The material advantages for Israel in developing fruitful economic ties with African and Asian states and territories are no less promising. The Afro-Asian world represents both markets for her manufactured goods--cement, tires, chemicals and pharmaceuticals--and sources of raw materials for her processing and manufacturing industries and of agricultural products which supply her with food and animal fodder on reasonable terms. Israel is particularly interested in obtaining rough diamonds for her important diamond finishing industry, which furnishes her second most important export by value. African areas, such as Ghana, are a source of diamonds outside the control of the international cartel, which in recent years has reduced Israel's share of total production within the syndicate.
Investment opportunities of the type already developed in Ghana and Hong Kong are also advantageous to Israel. They afford employment opportunities for her technicians, provide a return on capital invested, and, in sterling areas, achieve savings in foreign exchange.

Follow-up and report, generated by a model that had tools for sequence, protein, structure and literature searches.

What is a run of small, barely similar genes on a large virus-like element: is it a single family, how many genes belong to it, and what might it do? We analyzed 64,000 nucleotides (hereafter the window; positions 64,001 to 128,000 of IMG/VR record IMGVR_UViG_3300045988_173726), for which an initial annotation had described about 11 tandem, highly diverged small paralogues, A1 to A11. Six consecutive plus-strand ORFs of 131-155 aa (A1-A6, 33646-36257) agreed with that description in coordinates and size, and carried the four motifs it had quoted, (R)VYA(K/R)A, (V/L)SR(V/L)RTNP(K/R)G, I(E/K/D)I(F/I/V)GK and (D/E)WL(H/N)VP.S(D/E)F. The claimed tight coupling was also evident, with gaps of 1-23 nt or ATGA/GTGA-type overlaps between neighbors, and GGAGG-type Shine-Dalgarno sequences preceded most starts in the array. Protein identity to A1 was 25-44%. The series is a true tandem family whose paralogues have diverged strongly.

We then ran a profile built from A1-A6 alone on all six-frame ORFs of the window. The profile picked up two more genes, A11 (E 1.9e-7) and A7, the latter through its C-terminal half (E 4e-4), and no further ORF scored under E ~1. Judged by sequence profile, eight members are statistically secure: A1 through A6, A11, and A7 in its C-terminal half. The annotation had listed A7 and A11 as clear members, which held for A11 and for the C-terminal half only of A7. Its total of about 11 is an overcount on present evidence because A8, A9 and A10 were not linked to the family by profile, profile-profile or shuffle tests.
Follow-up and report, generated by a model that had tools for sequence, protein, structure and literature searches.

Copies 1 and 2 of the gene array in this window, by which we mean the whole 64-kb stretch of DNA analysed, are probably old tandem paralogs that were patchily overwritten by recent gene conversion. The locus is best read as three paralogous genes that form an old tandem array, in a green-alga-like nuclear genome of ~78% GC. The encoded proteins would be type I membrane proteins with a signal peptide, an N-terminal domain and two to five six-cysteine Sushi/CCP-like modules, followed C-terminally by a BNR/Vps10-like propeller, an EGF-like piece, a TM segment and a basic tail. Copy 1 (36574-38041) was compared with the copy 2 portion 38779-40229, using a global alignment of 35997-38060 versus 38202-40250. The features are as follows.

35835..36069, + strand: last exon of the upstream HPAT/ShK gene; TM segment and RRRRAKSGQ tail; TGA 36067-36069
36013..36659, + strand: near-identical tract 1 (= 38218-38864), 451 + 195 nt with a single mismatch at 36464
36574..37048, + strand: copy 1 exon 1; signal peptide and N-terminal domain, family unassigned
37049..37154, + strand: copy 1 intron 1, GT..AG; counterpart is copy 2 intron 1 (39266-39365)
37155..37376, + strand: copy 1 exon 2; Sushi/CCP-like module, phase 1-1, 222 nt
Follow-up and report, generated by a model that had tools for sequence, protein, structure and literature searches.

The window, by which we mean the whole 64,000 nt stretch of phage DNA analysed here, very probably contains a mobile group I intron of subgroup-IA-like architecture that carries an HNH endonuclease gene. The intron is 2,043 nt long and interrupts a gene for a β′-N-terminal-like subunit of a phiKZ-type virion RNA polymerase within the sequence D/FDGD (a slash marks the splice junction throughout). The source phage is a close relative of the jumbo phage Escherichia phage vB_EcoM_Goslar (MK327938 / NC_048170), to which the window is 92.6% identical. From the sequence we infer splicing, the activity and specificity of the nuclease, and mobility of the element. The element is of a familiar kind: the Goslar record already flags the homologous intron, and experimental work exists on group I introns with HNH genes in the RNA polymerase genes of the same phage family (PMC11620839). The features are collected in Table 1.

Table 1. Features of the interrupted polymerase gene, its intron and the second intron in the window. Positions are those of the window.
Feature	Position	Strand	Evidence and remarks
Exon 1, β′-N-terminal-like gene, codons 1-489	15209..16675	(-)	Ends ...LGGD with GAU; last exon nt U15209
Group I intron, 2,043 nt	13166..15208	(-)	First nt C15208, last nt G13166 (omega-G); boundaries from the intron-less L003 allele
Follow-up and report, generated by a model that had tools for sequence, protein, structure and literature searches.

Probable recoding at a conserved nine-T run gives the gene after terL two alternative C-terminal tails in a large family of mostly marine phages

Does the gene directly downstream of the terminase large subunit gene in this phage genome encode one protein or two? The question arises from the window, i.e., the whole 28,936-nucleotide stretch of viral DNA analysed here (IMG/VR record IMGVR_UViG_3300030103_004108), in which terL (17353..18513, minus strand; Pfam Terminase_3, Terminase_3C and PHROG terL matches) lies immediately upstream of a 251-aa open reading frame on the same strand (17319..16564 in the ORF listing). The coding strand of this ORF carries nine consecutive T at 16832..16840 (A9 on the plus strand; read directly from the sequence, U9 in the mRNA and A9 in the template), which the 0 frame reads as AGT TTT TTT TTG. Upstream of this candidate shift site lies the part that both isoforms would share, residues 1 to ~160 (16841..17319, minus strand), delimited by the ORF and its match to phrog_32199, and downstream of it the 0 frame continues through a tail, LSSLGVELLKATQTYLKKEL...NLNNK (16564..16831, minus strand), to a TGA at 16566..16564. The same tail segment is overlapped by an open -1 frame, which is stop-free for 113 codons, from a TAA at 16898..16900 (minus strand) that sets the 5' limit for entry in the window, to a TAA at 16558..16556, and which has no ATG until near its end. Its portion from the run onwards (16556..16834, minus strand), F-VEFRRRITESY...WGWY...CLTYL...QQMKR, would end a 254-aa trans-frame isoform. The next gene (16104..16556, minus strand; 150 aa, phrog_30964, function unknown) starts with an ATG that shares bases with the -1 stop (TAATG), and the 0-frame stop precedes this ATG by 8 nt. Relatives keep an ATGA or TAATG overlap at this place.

Finally, the advantages which Israel finds in her growing relations with the states of Africa and Asia are shared by the free world generally. Her assistance in economic development, the expanding use of her technicians and her agricultural and industrial technology, the increase in her private and quasi-public external investment and the growth of her trade--all these contribute to the strength of a number of young and uncertain states in Africa and Asia. In addition, in several of these states Israel offers an economic model as an attractive alternative to that offered by the Soviet Union. These developments are in the general interest as well as of value to the nations directly involved.
[i] The New York Times, December 9, 1958.
[iii] Gamal Abdul Nasser, "Egypt's Liberation--The Philosophy of the Revolution" (Washington: Public Affairs Press, 1955), p. 109-110.